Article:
Spurred by stories of addiction from across the state, lawmakers this week are voting out of committees a wide-ranging bill aimed at minimizing the effects of opiate use on the health and safety of Vermonters.
The legislation, portions of which have been drafted in three separate committees, seeks not only to reduce supply and temper demand, but to mitigate the toll of narcotics even on addicts who may not be seeking help.
Rep. Bill Lippert, a Hinesburg Democrat and chairman of the House Judiciary Committee, said the issue became a priority for 2013 after campaigning lawmakers last year heard from constituents about the scope of the drug problems in their communities.
"We’re trying to combat this issue of opiate addiction and methamphetamine addiction and come at it from as many angles as possible," Lippert told fellow Democrats this week.
One element noticeably absent from lawmakers’ efforts: money. Budgetary pressures, they say, have limited expenditures in the bill to funding for a new coordinator position at the Department of Public Health. The person will be responsible for linking primary care doctors, psychiatrists and smaller outpatient facilities with drug treatment facilities scattered across the state. Health Commissioner Harry Chen said Wednesday that the coordinator will help reduce some of the long lines at drug treatment facilities by equipping satellite offices with the ability to administer methadone, buprenorphine and other addiction treatment services.
Rep. Ann Pugh, a South Burlington Democrat and chairwoman of the House Committee on Human Services, said the lack of money won’t prevent lawmakers from making headway on the narcotics issue.
The bill contains several provisions, including two aimed at what lawmakers call "harm reduction." Lippert’s committee has crafted language that would offer criminal immunity to drug users who seek help when a fellow addict overdoses. The provision comes at the request of prosecutors and health care officials who say patients are dying needlessly because of fear of retribution from law enforcement.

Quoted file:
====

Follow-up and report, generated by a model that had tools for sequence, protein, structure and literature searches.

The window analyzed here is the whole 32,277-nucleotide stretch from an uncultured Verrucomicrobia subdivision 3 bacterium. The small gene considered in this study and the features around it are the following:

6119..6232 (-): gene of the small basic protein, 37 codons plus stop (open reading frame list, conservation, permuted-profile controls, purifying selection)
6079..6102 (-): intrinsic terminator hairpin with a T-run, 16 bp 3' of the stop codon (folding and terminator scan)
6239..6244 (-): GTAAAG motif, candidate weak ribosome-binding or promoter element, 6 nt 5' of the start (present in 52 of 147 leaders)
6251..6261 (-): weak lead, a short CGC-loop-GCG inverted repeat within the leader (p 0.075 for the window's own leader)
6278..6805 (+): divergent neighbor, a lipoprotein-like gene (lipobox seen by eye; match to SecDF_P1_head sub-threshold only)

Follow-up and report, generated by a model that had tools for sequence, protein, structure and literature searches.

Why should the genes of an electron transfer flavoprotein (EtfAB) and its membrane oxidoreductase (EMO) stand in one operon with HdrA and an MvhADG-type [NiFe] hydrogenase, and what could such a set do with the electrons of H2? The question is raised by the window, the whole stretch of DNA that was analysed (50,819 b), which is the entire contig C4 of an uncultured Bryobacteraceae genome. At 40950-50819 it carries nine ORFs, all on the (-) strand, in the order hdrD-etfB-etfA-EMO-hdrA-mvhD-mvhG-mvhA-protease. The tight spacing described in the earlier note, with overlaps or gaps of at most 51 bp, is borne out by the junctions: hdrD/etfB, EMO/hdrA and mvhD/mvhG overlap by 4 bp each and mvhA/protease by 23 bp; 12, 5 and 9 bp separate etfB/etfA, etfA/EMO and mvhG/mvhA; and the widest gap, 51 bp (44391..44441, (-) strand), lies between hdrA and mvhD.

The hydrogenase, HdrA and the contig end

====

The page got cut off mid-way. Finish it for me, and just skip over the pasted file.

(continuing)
Pugh’s committee, meanwhile, is expected to approve a provision that would equip emergency workers, and even family members of addicts, with overdose antidote that can be administered nasally to an unconscious person.
The bill also looks to stem the supply of drugs by reducing the volume of narcotics prescribed by doctors. To do so, lawmakers are revisiting a prescription drug monitoring bill that lawmakers jettisoned last year over privacy concerns.
But unlike last year’s legislation, Pugh said, this version won’t give law enforcement access to patient drug data. Rather, lawmakers will require doctors to sign up for the database – only about a third do now – and to run the names of certain kinds of patients before issuing prescriptions for narcotic painkillers.
Specifically, doctors would have to check the names of people who say their prescription was lost or stolen, people on long-term narcotic treatment, or new patients complaining of chronic pain. The database would tell the doctors whether that patient is also getting prescription drugs from other providers elsewhere, or if the patient has been red-flagged as a "drug seeker" by another physician.
The bill also tries to curb production of methamphetamine by tracking sales of allergy and cold medications containing ephedrine. Vermonters already have to supply a driver’s license to buy the drug -which is used to manufacture meth – and can purchase it only in certain quantities. The bill would require the installation of a database – provided at no cost – that would track an individual’s purchases at different outlets. The measure is aimed at preventing people from accumulating enough ephedrine to make a batch of the drug.
The database, called NPLEX, was created and maintained by a coalition of over-the-counter drug manufacturers seeking to ease growing public anxiety about the link between ephedrine and methamphetamine. Privacy advocates have raised concerns about tracking citizens’ purchases, but Pugh said she’s been assured that information collected by the system is used only to alert store clerks to people stocking up on the drug.
Lawmakers will also incorporate into the bill heightened regulations over dealers in secondhand precious metals, though exactly what restrictions will be placed on buyers and sellers is still being worked out. Lawmakers are trying to stamp out the market for stolen merchandise without unduly affecting legitimate dealers.
The bill will also have the state study the impact of meth production on the dwellings in which it’s sometimes produced. Toxic residue from the process can sit unseen on surfaces in a home for years after the meth makers move out, causing health effects to the new inhabitants.